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Atlanta’s Immigration System is Broken

Looking in from the outside, Atlanta seems to be the place for diversity. It is the birthplace of Martin Luther King, Jr. and the Civil Rights movement. We have a museum dedicated to Civil and Human rights. And yet, as covered in an earlier Better Georgia blog postAtlanta is the worse place to be an undocumented immigrant.

The city of Lumpkin is home to the privately owned Stewart Detention Center. The facility holds around two thousand immigrants from different countries and legal statuses. Detainees are held there until their case is brought up in court, which often takes months. In the meantime, they have to deal with the horrible treatment at the facility. Detainees are fed meals consisting largely of potatoes for breakfast, lunch and dinner, they’re thrown in solitary confinement on a whim and they’re charged exorbitant amounts of money for “luxury items” like cookies.

The length of an immigrant’s stay at the detention depends on their ability to find an immigration lawyer willing and able to take the case. Currently, the United States has 485,000 pending cases in its immigration courts and there are less than 260 immigration judges nationwide. In Atlanta, there are five immigration courts with judges who do not specialize in immigration. They deny asylum 98 percent of the time, while the nationwide average is 49 percent.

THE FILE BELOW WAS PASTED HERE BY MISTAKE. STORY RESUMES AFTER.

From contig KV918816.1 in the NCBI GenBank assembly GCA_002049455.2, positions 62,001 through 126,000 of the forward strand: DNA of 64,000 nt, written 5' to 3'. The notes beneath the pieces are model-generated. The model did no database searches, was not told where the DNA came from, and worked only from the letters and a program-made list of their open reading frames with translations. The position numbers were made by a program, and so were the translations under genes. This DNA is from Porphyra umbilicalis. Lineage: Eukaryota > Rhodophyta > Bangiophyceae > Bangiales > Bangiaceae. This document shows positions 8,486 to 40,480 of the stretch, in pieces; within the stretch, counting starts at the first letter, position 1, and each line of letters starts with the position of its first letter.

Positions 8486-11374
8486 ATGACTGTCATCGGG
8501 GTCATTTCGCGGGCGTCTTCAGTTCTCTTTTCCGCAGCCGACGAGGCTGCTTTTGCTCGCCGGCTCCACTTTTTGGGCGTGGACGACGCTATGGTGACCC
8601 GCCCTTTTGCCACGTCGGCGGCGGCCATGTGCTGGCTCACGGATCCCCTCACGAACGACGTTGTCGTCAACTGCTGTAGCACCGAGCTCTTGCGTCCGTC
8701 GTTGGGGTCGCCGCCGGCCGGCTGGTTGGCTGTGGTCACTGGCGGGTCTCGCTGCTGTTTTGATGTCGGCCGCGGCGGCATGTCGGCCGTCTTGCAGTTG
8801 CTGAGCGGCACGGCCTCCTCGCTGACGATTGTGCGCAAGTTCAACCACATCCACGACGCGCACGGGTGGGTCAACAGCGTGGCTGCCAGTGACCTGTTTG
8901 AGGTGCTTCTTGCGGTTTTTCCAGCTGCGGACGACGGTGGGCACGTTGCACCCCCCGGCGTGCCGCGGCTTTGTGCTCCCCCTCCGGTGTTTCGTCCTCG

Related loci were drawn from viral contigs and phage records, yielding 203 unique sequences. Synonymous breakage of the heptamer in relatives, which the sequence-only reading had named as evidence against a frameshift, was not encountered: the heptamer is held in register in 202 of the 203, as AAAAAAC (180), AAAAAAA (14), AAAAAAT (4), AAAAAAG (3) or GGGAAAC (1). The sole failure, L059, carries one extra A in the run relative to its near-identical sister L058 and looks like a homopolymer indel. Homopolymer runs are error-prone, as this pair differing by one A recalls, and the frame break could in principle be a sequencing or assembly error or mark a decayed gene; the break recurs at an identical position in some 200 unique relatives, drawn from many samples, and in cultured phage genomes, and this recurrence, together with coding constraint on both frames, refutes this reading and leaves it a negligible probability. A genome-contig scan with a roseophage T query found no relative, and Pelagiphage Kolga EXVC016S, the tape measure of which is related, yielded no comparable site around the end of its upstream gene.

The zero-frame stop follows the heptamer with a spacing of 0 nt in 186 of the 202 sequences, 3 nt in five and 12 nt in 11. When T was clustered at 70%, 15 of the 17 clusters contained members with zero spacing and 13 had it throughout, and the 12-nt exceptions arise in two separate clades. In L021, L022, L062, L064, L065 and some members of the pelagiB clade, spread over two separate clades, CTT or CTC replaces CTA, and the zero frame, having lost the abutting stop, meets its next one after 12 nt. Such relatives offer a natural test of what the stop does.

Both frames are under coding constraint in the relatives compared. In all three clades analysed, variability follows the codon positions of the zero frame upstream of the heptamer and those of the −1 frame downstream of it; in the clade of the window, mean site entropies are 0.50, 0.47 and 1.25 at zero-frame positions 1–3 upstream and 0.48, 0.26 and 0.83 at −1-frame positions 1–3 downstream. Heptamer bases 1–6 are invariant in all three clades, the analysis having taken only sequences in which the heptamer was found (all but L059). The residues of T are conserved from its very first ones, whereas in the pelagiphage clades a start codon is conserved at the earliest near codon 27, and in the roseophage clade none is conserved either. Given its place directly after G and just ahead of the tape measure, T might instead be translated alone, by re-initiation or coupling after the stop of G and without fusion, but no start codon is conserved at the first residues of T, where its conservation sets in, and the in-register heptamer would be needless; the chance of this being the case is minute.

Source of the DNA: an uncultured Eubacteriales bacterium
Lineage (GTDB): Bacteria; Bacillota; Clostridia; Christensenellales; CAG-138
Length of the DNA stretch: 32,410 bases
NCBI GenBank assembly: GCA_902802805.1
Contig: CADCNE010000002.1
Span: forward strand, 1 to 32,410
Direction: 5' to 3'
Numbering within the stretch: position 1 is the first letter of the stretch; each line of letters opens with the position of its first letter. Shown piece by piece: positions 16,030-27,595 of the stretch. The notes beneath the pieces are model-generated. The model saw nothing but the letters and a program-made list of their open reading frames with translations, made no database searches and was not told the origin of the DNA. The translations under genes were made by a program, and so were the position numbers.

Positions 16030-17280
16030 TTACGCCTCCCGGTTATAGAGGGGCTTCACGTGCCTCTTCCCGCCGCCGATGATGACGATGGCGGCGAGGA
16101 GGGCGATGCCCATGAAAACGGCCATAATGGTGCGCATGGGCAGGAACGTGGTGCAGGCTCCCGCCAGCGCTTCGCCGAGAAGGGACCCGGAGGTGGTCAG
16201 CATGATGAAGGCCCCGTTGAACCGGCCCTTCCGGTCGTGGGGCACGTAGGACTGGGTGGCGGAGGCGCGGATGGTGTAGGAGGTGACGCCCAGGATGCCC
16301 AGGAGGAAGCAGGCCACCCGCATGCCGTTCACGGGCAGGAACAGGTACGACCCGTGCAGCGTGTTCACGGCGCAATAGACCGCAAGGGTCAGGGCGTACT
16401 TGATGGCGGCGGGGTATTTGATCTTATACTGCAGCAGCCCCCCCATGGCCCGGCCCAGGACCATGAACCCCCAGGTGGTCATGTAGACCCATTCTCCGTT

These judges hear heart-wrenching stories from immigrants — children and adults who are escaping violence and poverty or who have lived the U.S. for the majority of their lives. The Atlanta judges could not care less about the lives these people have lived. They bully and belittle detainees as they are pleading for their lives.

The immigration court system in Georgia is broken, to say the least.

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The judges are ill-equipped to handle the cases. They don’t understand immigration or the rights of detainees. The number of cases are out of control because the state actively targets children escaping violence and they feel the need to keep the detention center filled to keep the private owners happy. Immigration lawyers have a hard time keeping up with unwinnable and time-consuming cases. The state needs to find a solution and fast. It owes it to the people who are simply trying to flee poverty and violence in search of the American Dream.

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